Maryland Sea Grant is hiring a Professional Development and Aquaculture Education Coordinator. More details.
Starting and maintaining an aquaculture business is not a simple endeavor, and not cheap. There is equipment to buy, floats and cages — adding up to as much as $5,000 for a small operation. And there is the cost of acquiring oyster seed, which can be significant.
Maryland Sea Grant Extension is available to help in several ways, including:
Those interested in starting an aquaculture business can find a range of assistance from Extension personnel. There are short courses on running a hatchery, and others on remote setting, as well as two-day conferences that provide detailed information on starting and maintaining an aquaculture business. Other resources include fact sheets and materials from past conferences. To find out about future courses and conferences, contact Eastern Shore Agent Don Webster.
The state of Maryland has created a revolving loan program to encourage oyster cultivation in the Chesapeake Bay, using money from federal disaster-relief funds. The aim was to help watermen make the transition from wild harvesting to aquaculture.
In 2012 Extension aquaculture business specialist Matt Parker helped 16 individuals and companies secure a total of $245,000 in these low-interest loans (which interest rates starting at three percent.) The 16 operations are estimated to employ a total of 24 full-time-equivalent employees.
The previous year, the loan program (administered by the Maryland Agricultural and Resource-Based Industry Development Corporation) awarded 26 loans totaling $1.7 million. Individual amounts ranged from $5,000 to $100,000.
Mr. Parker also helps loan applicants seek financing from other sources.
Oyster growers often use remote setting when natural seed supplies are not consistently available or must be purchased. By using your own cultch, labor, and equipment, you can reduce the cost of seed, a major factor in oyster farming. With practice and planning, you can produce a consistent supply to meet your own needs.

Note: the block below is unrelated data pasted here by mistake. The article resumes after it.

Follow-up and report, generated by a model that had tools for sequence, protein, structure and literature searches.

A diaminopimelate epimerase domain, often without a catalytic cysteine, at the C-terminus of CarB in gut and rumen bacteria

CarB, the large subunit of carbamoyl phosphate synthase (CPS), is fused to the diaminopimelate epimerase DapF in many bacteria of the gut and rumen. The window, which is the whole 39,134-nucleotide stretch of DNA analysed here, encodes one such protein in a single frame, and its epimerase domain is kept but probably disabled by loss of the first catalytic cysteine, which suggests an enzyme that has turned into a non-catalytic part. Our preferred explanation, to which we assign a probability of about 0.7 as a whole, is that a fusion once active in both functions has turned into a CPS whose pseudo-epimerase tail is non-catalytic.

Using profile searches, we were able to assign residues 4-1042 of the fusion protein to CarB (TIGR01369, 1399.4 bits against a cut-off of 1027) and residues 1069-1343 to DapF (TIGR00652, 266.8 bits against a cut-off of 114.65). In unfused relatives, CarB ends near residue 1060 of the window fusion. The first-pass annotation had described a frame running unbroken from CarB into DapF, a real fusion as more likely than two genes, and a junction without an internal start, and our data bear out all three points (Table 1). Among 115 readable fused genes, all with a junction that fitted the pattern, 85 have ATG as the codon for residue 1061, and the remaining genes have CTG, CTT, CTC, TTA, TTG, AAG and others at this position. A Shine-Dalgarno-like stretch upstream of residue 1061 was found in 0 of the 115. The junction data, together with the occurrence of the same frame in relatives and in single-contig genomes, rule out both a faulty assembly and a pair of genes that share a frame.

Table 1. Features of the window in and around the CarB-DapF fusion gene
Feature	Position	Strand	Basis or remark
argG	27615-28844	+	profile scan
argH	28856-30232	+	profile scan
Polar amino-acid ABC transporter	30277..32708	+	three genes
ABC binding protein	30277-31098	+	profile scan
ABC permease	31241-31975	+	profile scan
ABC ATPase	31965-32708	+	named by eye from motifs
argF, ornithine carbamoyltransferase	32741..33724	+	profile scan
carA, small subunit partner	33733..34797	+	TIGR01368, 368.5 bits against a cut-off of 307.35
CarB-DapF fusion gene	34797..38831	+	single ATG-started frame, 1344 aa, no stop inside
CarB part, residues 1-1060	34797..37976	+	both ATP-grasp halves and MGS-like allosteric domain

Many factors must be considered in a successful remote setting system. Reducing labor and effort in handling cultch is critical. Pollutants and toxic materials must be avoided, and providing favorable conditions will improve the survival of oysters and profitability of a system. With good records, frequent monitoring, and some luck, you can achieve a stable source of oyster seed for planting or sales.
Those interested in setting up a remote setting operation should consider attending the short courses and conferences listed above.
To help those considering starting up a remote setting operation, our Extension staff created an Excel worksheet designed to provide a general estimate of costs for constructing and operating a remote setting system for oysters in Maryland.
Download the spreadsheet and plug in detailed information about your plans — including production, system, cost, labor, equipment, and the specifics of your location — to decide whether remote setting is feasible for you. Download the associated instruction booklet as well.
Read our fact sheet, Producing Oyster Seed by Remote Setting.
For more information, contact Extension Aquaculture Business Specialist Matt Parker.